SJ: Typically a common and supportive instrument in orchestral settings, the cello finds itself in the spotlight here. What techniques did you employ to bring the celebrated instrument front and center?
KK: I sought to integrate the timbre of the cello into the orchestra, where the dichotomy melds together as one. My focus was on shifting tone color throughout.
JR: Even as solo instruments, cellos can be surprisingly covered so I was very careful with the orchestration of the piece to be sure this didn’t happen. I wanted to use the full instrumental complement available so the full brass rings out while the cello is resting to offer a contrast in the sound picture. And for quite a large instrument the cello is very nimble so I made sure that aspect of its character resonated.
SJ: What did your personal journey look like in writing your piece? Did this setting lead to any new discoveries as a composer, or solidify any known truths?
LPD: I started out with a lot of anxiety, because The Forest Stream is my first work for a full orchestra; that anxiety took a while to dissipate even after I was finished. What I discovered was that by consciously following the traditional simple division of instruments into foreground, midground, and background, I was able to produce a result I enjoyed without tying myself in knots in the process.
JR: Although Maestro Marinescu suggested only a couple of changes, they were important: one involved left hand pizzicato which — while possible — would be awkward for the player to produce and the effect wouldn’t be worth the effort. Lesson learned: just because you can isn’t a good enough reason for doing something.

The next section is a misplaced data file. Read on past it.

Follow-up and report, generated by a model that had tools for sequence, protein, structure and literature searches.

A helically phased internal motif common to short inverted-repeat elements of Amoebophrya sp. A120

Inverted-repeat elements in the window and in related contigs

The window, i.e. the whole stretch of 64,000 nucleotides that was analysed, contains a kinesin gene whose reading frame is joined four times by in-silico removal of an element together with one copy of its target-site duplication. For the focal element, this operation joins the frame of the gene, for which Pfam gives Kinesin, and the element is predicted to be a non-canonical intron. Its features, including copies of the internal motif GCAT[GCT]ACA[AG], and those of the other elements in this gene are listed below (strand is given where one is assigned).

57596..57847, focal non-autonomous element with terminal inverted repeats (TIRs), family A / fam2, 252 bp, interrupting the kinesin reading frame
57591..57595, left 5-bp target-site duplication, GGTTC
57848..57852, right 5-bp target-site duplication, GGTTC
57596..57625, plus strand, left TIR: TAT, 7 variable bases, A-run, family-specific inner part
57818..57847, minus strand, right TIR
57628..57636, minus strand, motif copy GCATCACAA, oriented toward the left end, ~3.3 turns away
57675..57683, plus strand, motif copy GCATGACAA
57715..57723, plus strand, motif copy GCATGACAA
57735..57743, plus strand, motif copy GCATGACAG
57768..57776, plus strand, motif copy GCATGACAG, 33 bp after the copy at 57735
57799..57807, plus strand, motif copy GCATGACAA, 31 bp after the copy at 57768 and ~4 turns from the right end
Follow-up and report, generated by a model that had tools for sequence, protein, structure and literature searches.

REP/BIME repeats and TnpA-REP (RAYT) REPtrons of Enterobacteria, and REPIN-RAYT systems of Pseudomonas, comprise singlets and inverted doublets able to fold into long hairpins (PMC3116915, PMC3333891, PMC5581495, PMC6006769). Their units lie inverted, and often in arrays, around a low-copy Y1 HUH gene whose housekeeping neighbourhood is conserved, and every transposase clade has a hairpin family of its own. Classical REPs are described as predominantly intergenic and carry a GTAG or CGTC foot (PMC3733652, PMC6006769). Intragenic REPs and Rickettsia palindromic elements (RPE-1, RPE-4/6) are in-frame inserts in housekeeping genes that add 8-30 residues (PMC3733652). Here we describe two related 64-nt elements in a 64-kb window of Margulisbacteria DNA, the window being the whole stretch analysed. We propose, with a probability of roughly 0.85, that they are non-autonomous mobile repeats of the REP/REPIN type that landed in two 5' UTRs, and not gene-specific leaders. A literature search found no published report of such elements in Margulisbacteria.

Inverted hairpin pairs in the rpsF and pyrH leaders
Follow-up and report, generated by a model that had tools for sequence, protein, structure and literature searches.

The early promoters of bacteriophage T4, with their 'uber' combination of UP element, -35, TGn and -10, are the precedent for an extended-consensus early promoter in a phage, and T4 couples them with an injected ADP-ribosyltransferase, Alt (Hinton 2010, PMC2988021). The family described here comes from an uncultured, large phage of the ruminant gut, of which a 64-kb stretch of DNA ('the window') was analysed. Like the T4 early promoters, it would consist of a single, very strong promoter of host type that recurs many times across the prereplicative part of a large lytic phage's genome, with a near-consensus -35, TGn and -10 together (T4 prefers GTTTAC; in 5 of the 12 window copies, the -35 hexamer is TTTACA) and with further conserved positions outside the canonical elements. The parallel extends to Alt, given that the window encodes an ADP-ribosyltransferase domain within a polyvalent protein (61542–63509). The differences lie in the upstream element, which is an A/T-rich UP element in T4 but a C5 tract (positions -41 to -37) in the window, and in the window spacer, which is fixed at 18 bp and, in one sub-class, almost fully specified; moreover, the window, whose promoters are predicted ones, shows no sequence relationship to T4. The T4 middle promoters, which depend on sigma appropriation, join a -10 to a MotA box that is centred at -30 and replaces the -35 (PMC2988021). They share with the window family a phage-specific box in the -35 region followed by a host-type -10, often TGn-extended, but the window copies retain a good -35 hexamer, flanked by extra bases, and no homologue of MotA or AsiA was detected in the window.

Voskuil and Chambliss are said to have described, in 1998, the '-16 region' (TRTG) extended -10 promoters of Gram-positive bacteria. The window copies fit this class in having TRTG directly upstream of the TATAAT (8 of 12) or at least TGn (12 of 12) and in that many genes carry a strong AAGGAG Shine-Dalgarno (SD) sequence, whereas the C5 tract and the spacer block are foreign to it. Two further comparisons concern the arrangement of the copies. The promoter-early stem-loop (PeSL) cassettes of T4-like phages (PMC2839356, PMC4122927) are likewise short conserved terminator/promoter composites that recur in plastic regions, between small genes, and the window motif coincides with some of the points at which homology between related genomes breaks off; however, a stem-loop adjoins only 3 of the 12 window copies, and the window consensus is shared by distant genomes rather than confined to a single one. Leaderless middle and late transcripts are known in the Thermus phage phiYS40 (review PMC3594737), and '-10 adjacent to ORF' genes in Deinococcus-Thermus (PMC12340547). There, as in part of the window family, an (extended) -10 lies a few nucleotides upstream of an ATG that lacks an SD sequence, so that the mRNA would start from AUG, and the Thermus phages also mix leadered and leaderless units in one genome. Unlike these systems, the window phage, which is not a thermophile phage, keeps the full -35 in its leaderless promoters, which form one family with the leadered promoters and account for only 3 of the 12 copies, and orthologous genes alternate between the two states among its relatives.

SJ: The themes of these works are multifarious, ranging from the highly personal to the most universal. Where does your piece fall on this spectrum, and what message do you hope to convey?
JE: The theme of this piece is the search for a feeling of home in this world. And although universal, it evolved out of a very personal story. My late grandfather, Michael Sharik, was a Ukrainian poet, author, and political activist who fought the Bolsheviks 100 years ago, then fled to Canada as a refugee in the 1920s. He spent his entire life working for a Ukraine free of Russian domination. Given the current situation in Ukraine, I am rededicating my piece to all those who have been displaced by war, both there and around the world. To me, the cello can truly sing and express human emotion in a very touching manner that evokes a response similar to a vocal performance. By setting the cello voice against the accompanying orchestral arrangement, I hoped to retain the essential nature of this piece as a song.
LPD: The music I find most satisfying, and I hope most effective, to write is that which combines personal and universal aspects. While The Forest Stream was inspired by my very personal memories of vacationing in the woods in New Hampshire and hiking in the mountains around Lake Tahoe, I’m hoping that it will bring up similar personal images for listeners, since I like to think that appreciating the beauties of nature is a universal and uplifting experience. The Forest Stream has a bit of the character of an opera, the cello being the narrator. Of course, that’s just how I think of it: listeners may have quite different associations.